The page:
West Virginia pharmacists and pharmacy students are appealing to legislators to be covered as health care providers under malpractice protection.
As pharmacists’ role in patient care continues to grow, the potential for malpractice lawsuits does, too. West Virginia pharmacists and pharmacy students are lobbying for a change in state legislature that would recognize pharmacists as health care providers, thereby protecting them from frivolous malpractice suits under the Medical Professional Liability Act.
The West Virginia Pharmacists Association helped mobilize pharmacists, along with >120 students from West Virginia University and the University of Charleston, for “Pharmacy Day at the Legislature” on February 16. The group met with legislators to voice their concerns, with students from both schools showing displays that depicted pharmacists providing hands-on services to patients. Bayer Corp, LifeScan, AccessHealth, and others also hosted such displays.
Enacted in 1986, the Medical Professional Liability Act provides liability protection to health care providers. The 2003 Medical Professional Liability Act later brought sweeping changes to the law, including placing caps on noneconomic damages paid to plaintiffs.
The act was revisited in 2007, when a patient who had to undergo extensive dialysis daily because of receiving toxic prescription dosages brought litigation against Larry’s Drive-In Pharmacy, alleging that the pharmacist there should have warned him of the possible toxicity of the prescription. The patient also sued his doctor, who enjoyed the protections afforded under the law.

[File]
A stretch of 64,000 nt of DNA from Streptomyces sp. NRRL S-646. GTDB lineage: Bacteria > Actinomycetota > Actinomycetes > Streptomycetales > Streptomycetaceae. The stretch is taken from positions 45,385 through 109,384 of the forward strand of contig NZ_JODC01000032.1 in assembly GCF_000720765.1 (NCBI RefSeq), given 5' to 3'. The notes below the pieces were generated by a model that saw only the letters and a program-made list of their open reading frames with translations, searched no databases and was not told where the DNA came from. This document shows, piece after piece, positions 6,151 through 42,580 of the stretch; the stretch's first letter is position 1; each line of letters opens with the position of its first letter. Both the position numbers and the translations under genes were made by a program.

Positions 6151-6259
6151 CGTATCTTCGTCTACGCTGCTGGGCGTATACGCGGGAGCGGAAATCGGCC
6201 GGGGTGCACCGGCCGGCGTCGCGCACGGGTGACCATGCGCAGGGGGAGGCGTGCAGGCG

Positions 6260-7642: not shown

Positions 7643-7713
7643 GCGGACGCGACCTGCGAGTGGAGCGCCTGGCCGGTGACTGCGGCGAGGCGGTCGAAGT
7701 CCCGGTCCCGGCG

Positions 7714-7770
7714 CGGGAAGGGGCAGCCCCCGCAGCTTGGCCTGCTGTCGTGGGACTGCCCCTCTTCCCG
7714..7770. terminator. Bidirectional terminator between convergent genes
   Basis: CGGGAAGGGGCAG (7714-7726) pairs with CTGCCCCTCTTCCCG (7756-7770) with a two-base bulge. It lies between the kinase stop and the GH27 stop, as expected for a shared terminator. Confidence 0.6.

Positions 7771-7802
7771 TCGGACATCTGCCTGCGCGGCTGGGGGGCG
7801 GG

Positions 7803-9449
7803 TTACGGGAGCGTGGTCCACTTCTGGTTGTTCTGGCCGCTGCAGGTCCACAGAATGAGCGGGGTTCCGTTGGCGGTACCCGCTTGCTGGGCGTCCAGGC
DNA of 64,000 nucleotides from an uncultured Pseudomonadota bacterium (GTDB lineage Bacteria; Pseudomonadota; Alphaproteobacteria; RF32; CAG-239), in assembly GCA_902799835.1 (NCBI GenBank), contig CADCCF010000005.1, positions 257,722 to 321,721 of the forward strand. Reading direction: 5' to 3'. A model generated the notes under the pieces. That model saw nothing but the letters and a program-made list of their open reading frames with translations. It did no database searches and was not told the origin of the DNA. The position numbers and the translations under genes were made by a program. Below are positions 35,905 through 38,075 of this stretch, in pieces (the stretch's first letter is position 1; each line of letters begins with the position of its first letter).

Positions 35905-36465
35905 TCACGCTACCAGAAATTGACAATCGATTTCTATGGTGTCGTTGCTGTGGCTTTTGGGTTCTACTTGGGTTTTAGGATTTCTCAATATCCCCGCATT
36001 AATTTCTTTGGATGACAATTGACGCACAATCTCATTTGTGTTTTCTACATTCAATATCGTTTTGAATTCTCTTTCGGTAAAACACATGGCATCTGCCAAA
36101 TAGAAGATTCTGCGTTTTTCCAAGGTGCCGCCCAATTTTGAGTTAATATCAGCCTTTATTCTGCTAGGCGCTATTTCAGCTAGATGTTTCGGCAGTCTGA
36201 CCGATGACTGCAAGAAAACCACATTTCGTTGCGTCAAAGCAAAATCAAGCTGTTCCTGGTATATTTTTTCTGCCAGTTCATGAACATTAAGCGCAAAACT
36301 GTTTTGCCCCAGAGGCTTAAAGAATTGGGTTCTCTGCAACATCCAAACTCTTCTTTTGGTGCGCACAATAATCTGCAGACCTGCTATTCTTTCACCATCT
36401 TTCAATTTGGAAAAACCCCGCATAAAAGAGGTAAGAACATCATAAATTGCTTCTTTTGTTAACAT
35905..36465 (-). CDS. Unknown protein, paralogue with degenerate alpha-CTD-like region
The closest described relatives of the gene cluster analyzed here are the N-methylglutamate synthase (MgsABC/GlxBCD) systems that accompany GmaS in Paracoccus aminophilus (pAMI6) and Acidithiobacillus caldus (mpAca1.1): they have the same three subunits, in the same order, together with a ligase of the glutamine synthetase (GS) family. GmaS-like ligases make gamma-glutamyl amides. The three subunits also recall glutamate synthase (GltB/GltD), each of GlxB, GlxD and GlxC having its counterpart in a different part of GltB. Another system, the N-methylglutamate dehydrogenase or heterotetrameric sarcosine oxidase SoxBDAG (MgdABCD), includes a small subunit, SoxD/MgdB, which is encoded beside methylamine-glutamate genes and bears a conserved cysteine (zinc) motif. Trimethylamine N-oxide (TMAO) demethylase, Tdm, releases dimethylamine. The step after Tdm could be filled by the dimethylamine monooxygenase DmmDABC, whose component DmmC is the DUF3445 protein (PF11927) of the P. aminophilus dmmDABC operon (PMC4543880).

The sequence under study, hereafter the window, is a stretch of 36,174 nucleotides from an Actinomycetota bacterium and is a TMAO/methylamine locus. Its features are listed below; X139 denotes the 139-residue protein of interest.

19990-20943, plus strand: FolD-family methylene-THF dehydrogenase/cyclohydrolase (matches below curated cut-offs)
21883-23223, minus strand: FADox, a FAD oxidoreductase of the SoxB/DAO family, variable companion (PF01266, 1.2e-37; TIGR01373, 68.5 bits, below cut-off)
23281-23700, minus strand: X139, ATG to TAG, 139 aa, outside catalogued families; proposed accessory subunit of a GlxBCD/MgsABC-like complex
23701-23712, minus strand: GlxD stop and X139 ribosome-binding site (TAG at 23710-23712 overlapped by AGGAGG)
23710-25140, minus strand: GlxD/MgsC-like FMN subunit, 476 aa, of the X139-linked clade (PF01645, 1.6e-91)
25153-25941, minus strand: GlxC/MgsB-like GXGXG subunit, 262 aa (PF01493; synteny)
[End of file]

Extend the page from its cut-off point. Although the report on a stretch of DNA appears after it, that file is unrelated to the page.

The case went to the West Virginia Supreme Court of Appeals, and Justice Larry Starcher ruled that pharmacies and pharmacists are not covered by the Medical Professional Liability Act.
“A pharmacy…does not have a hands-on independent medical relationship, but rather sees a patient only as a customer purchasing a product in a drugstore after the patient has visited his or her doctor and received a prescription,” Starcher stated in the ruling.
Those seeking to change the legislation to include pharmacists are highlighting the role of pharmacists as health care providers, as many provide screenings and services that go beyond the scope of their traditional role. For example, West Virginia law allows for pharmacists to administer immunizations.
Sen Jeffrey Kessler, chair of the Senate Judiciary Committee, gave the authorization for introduction of a law that would bring pharmacists within the scope of the act. From there, it will go before the full Senate for a vote.
For other articles in this issue, see:
Pharmacy-Based Programs a Win for Patients
Look in the Box: Patients Benefit from Rx Efficacy Data